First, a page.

This next poll question comes from my days in Vocational Rehab and my own struggles to accept my vision loss. The below question is one that is sometimes asked by some members of support groups for those who are newly Blind or who are losing vision later in life. It can say a lot about what one thinks about vision loss or what they find to be important for self confidence. I’ll provide my own honest answer when the poll closes near the end of this month. But for now, how would you answer the following?

Poll Question: If Given One Wish, What Would You Choose?

Restored Or Perfect Vision
One Million Dollars
Fully Retired At Age 60 Or Lower
A Fully Paid For Home

This is one of those questions I find worthy of being great for a discussion on a podcast. Perhaps that may happen one day. Hint, Hint!

Screen Reader Safety Bowling

I want to preface this Ranger Rant by saying that the following opinion is firmly based in the part of my brain which looks at things from an Assistive Technology Training perspective. For those brave unsung heroes of the AT Community generally get the blunt end of things by unwillingly becoming Usability Testers for any new feature in a product. These guys and gals can tell you instantly when something works, or in some cases doesn’t, for a wide spectrum of computer users. The job of training is very rewarding: but it sure ain’t easy.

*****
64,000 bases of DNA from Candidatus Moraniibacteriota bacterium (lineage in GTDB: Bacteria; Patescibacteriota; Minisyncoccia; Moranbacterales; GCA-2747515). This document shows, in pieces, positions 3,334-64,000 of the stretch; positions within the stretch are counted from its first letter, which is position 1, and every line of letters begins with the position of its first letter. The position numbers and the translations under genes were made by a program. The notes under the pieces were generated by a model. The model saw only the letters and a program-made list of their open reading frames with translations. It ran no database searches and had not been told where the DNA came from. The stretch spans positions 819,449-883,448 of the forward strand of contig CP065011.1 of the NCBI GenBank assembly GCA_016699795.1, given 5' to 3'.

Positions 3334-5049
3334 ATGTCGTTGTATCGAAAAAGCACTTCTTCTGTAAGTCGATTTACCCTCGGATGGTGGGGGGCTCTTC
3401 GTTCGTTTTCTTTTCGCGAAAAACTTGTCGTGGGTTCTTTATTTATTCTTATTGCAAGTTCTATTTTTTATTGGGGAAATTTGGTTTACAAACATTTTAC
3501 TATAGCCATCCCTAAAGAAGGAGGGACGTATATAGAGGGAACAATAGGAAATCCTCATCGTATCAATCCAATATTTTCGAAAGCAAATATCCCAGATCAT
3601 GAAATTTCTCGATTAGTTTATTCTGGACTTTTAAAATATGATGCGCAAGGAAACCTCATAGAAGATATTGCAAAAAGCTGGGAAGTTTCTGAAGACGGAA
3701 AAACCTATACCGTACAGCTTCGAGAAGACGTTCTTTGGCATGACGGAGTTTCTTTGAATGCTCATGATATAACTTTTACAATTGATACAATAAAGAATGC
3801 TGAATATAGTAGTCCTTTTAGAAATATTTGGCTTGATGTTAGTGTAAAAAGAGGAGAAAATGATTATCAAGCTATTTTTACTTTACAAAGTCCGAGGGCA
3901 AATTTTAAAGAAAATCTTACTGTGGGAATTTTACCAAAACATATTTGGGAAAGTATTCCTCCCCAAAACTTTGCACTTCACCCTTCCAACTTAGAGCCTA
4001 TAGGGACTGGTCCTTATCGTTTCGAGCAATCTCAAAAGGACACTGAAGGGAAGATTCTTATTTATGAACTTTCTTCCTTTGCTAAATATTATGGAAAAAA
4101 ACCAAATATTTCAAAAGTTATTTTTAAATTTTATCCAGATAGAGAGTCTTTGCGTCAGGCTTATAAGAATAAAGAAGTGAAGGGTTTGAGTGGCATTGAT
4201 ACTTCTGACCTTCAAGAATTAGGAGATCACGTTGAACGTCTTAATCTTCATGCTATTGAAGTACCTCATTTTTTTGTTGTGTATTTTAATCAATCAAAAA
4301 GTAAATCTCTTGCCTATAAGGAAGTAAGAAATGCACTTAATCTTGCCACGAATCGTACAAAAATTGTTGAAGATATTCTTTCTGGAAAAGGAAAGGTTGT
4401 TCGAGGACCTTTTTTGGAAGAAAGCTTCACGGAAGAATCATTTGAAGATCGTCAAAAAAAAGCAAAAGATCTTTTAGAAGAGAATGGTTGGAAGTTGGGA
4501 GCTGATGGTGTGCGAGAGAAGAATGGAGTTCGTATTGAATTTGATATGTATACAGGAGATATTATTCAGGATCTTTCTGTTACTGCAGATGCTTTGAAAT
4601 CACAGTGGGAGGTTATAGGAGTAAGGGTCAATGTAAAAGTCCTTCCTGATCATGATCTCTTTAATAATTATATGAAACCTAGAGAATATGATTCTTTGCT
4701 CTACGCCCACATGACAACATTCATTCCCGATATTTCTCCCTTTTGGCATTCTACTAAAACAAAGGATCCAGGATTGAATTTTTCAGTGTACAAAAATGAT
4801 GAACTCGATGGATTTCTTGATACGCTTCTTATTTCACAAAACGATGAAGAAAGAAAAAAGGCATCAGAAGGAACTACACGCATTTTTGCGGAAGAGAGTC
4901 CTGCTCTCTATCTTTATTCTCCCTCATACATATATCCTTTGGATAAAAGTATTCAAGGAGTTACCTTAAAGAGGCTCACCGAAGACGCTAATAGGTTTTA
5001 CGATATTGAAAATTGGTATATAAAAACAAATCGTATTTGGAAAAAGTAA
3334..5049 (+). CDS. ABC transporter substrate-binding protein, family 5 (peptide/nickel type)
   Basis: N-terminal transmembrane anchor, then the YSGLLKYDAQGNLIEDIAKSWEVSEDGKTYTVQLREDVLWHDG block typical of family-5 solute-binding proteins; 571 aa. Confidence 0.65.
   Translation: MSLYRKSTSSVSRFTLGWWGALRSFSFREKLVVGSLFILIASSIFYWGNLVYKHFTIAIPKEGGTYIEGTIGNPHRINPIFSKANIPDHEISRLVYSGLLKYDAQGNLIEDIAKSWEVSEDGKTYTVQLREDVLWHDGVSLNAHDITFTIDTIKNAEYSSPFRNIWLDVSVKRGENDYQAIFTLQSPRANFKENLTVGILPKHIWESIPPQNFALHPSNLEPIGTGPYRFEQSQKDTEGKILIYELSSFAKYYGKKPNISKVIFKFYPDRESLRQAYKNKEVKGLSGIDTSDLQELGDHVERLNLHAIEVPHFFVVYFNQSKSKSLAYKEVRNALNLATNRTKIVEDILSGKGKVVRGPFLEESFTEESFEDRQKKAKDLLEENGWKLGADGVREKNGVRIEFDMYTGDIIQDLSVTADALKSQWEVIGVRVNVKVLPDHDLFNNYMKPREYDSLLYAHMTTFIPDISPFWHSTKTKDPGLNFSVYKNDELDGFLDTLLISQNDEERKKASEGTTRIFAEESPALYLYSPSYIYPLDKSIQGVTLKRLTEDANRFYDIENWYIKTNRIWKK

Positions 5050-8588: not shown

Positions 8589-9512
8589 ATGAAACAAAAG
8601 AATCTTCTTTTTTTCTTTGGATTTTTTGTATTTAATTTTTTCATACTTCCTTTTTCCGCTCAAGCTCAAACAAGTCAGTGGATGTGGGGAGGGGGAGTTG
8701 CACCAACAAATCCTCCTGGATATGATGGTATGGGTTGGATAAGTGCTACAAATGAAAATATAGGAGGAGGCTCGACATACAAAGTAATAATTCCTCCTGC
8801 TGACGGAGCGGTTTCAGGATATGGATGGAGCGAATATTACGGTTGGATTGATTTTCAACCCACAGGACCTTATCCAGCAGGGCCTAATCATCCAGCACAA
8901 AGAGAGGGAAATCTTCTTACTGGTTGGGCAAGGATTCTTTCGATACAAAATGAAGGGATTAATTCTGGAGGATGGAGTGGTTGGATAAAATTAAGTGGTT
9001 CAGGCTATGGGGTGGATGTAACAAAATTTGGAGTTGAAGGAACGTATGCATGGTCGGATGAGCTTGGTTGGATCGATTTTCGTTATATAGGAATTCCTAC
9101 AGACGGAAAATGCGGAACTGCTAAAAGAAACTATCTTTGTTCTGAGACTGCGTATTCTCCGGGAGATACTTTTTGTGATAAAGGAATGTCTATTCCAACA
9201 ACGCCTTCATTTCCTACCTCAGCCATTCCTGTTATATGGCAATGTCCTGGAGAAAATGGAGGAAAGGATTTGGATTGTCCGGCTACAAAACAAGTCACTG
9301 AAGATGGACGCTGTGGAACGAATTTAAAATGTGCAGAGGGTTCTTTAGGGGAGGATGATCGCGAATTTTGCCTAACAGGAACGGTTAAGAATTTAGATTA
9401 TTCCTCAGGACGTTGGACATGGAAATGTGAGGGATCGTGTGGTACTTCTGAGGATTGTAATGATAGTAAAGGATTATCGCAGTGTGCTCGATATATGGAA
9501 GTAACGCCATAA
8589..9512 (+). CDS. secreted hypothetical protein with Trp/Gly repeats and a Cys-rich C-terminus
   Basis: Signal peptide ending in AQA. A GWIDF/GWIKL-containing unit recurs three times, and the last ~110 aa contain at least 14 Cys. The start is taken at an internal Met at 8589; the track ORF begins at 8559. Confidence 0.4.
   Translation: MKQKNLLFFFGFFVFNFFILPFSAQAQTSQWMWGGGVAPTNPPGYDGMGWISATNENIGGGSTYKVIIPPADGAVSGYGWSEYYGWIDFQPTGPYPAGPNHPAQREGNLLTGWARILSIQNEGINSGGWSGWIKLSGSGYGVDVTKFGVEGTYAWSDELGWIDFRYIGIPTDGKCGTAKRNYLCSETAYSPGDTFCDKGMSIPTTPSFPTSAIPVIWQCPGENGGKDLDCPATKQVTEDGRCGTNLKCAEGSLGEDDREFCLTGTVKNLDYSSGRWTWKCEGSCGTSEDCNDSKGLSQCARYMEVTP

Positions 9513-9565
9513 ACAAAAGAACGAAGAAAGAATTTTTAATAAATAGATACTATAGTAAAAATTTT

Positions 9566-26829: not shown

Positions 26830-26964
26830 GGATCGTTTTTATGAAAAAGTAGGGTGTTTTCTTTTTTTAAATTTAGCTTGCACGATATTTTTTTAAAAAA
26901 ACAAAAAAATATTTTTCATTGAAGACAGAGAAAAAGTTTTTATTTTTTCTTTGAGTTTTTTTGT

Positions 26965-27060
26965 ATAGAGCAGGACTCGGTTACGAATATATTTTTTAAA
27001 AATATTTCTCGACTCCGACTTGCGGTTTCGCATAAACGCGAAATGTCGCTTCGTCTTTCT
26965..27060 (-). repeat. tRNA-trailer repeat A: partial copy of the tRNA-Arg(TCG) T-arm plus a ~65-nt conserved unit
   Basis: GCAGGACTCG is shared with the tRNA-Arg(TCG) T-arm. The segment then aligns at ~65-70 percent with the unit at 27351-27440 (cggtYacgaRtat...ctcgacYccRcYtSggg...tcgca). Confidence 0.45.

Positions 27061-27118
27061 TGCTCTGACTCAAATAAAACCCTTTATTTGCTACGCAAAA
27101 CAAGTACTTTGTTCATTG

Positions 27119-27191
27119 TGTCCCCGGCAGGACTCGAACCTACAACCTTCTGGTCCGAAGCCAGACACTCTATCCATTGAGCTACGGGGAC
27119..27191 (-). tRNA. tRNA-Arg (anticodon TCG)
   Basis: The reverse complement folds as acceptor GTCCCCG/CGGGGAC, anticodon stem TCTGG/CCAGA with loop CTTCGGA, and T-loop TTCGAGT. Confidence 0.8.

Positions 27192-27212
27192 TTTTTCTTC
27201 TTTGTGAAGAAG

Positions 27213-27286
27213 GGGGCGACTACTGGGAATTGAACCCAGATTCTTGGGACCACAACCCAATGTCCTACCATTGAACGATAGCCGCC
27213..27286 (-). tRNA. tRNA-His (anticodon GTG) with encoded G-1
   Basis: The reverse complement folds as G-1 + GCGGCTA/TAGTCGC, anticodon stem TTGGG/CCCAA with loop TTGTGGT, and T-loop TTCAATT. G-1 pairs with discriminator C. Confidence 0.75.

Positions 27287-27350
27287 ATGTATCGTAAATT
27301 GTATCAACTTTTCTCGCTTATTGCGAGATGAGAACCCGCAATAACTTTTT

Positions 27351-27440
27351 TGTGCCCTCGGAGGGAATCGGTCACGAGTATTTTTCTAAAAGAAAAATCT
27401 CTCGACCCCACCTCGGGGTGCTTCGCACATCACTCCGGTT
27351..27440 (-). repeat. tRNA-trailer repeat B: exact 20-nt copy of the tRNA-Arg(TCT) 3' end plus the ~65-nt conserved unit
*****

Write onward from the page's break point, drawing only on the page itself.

Imagine the amount of technical knowledge you must command these days to perform this noble job of training your fellow Blind person on even the basics of computing. Let us start with Windows. XP, Vista, 7 and now three flavors of Mac OS. Microsoft Office? 2003, 2007 or 2010? And we haven’t even gotten to the internet yet. The mind reels at the sheer height of the mountain that must be climbed if you want to succeed at being able to train the tons of people out there who either can’t afford to upgrade, or worse, who cannot upgrade easily because they form a dependence on task specific approaches to complete their daily lives.

Do you train on the out of the box interface or do you revert a person back to a Windows Classic look and feel? This question always becomes murky for some because it can play into one’s own bias about the changes that have come to Windows and Office over the years. Some out there will never give up training a person to strike the Windows Key, followed by S and then C to reach Control Panel. They are the same people who are the first to tell me that Windows 7 must be set back to some older interface for Screen Reader compatibility when many in the industry have worked with the out of the box Windows UI for years.